A lot of people weren’t exactly satisfied with Bioshock 2, the 2010 sequel to the critically-acclaimed 2007 original, which took place in a decaying underwater utopia called Rapture. The story, while not terrible, simply lacked the complexity of its predecessor. In fact, it largely felt like a rehash of many of the elements introduced in the first game, with almost no new features aside from a multiplayer component. I was surprised at how straightforward the game was in its presentation, from the story to the core action set-pieces.
Now, I don’t actually dislike the game. In fact, I think it’s still a good game on its own. I loved the world of Rapture, and I was eager to go back in and discover more of it. It was nice to play as a Big Daddy too, rather than Jack from the original, although they both were lacking in the personality department. Since this game was handled by 2K Marin rather than Irrational Games, it’s understandable that the game took off in its own direction, and frankly, I think the game is solid regardless of how unnecessary a having a sequel is.
So of course, expectations for Bioshock Infinite were through the roof. Revealed back in 2010, Bioshock Infinite puts you in the role of Booker DeWitt, a former Pinkerton agent who has been disgraced for his violent methods. Riddled with debt, he is assigned to find a girl in a mysterious city called Columbia, a floating city in the sky. If he can get the girl back to New York, all of his debts will be cleared. And so begins this wild tale.
The gameplay is actually very similar to the first two Bioshock games. As a FPS, you have the standard arsenal of weaponry including the pistol, machine gun, shotgun, and so forth. Each weapon can be upgraded to increase power, clip size, and reload time. In addition to the weapons are Vigor powers, this game’s counterpart to Bioshock’s Plasmids. These genetic concoctions grant you many powerful and unusual abilities, such as Murder of Crows to summon a flock of crows to attack enemies and Bucking Bronco to lift enemies into the air and stun them. Just like Plasmids, these Vigors add an extra element in combat and are just interesting enough to keep the gameplay fresh.
The star of this game is the city itself, Columbia. Named after the female personification of America itself, the city is rife with American exceptionalism, albeit an extreme form of it. Originally launched to promote America’s greatness and technological advances, the city came under international backlash when it opened fired on Chinese bystanders during the Boxer Rebellion of 1900. From then on, Columbia seceded from the Union and disappeared from the clouds. As you explore the city, you can see just how extreme this American exceptionalism is, with people going so far as to worship historical figures such as George Washington and Benjamin Franklin.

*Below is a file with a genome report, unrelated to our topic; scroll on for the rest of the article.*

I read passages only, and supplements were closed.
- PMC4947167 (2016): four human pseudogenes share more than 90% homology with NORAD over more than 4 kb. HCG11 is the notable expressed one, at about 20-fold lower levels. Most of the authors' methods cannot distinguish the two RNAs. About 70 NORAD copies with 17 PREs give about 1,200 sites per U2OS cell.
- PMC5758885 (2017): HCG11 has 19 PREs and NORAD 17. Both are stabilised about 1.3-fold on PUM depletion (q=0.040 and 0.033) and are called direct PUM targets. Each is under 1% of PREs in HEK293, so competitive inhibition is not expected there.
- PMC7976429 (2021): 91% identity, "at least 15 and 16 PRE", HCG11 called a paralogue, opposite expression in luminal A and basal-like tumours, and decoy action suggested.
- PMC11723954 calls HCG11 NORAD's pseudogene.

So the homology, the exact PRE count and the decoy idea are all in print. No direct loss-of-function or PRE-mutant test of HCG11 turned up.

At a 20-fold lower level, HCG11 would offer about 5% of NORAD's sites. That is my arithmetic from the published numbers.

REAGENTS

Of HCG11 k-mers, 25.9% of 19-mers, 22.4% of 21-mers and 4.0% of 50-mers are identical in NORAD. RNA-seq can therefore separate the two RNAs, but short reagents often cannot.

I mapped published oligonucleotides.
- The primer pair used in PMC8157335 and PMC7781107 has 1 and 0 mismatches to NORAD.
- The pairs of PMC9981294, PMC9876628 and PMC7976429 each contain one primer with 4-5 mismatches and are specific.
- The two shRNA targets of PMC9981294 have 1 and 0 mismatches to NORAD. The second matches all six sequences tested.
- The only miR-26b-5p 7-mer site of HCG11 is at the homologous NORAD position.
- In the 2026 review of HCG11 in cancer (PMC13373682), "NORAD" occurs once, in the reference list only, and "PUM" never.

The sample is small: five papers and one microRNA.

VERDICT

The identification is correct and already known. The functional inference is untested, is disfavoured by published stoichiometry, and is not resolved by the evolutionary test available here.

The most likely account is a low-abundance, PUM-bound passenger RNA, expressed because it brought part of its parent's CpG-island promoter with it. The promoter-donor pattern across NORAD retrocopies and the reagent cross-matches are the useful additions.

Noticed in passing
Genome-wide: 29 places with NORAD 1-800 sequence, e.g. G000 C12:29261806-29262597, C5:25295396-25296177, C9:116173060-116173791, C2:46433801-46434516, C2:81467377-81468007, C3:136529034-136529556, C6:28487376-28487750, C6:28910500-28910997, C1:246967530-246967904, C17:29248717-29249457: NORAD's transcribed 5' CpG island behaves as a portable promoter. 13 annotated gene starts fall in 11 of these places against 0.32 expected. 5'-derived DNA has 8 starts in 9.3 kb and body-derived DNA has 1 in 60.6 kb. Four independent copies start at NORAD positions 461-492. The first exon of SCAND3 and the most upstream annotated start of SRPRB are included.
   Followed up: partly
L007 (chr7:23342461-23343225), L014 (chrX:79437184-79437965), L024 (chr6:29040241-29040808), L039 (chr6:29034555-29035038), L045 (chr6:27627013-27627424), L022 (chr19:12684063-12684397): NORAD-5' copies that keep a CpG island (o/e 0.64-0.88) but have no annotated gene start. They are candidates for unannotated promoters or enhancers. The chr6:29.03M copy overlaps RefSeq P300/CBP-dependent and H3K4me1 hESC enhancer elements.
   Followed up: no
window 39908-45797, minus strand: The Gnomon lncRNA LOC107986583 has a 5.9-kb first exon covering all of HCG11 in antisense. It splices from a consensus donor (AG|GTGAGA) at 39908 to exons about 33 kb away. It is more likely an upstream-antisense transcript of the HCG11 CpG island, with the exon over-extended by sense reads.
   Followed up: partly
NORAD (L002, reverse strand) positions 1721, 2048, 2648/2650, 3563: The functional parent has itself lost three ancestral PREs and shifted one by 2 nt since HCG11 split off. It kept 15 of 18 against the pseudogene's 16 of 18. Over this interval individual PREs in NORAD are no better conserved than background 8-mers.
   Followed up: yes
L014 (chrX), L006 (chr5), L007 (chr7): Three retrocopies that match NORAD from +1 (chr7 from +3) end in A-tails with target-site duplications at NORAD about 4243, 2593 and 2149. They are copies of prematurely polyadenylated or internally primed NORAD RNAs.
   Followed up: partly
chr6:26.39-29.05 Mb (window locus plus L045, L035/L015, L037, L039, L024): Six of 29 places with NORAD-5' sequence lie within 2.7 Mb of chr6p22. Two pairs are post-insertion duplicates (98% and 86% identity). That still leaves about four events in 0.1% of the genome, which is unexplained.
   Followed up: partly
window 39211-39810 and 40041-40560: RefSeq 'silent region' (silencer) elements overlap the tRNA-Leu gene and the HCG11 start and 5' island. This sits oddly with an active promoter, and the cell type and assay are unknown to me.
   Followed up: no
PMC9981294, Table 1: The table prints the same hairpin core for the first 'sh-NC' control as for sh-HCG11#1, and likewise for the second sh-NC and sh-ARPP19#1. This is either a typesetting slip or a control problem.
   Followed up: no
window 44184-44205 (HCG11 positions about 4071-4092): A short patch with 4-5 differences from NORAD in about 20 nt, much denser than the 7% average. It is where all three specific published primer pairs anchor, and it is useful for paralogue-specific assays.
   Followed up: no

What I loved about the original Bioshock was the deep philosophical messages it tried to get across, and there are a lot of similarities between the two. It’s curious how both cities were founded with very strong ideals that are both taken to the extreme. Rapture was created with the intention of being a haven for the intellectual elite, free from government and religion, while Columbia was created to promote the greatness of America, whose leader Zachary Comstock preaches about his almost fanatical religious beliefs. The racism you see in Columbia is appalling, with xenophobia apparent in almost everything. It’s rare to see such an insane issue be addressed in this medium, but it does a great job showing the player just what set of beliefs the entire city is founded upon.
The world of Columbia is stunning. In contrast to the dark art-deco corridors of Rapture, Columbia’s neoclassical architecture breathes life into the city. You see a city at the height of its glory, with people going about their lives (for the first part of the game) and offering glimpses into the everyday life in a floating city. Drawing more parallels to the original story, the opening lighthouse sequence and the subsequent introduction to Columbia has a strong impact that sets the tone for the rest of the game. Despite being much brighter than Rapture, Columbia still manages to be creepy to me, with rampant racism, creepy religious propaganda, and distorted history really adding character to the city.
The characters are also well-written. This time around, the protagonist has a speaking role, and is an active participant in the story’s events. Booker’s backstory is established early on, and throughout the game, we get more insight into his thoughts and what drove him to go to Columbia to clear his debts. Elizabeth, the girl you’re tasked with finding, isn’t just a typical damsel in distress. Trapped in a tower her entire life, she has grown into a strong and dependable woman who is ready to help Booker in any way she can. She provides a lot of the emotional scenes in the game, as she struggles with who she is and her own destiny. Zachary Comstock and Daisy Fitzroy, the two main leaders you encounter in the game, are equally developed as the main antagonists, and we get to see enough of what drives them to do what they do.
Bioshock Infinite is a fantastic game, and is already one of my picks for the best game I’ve played this year. It’s got fun gameplay that harkens back to the original Bioshock, a memorable cast of characters, an immersive and fully realized world, and a smartly-written story. The final part of the game is mind-blowing, and left me thinking about it for days afterward. It’s memorable enough that players will surely be discussing it for months, and it definitely tops the original ending to Bioshock. If you’re a fan of Bioshock, you must play this game. If you’re looking for a fun FPS with a deep story, this game is worth checking out.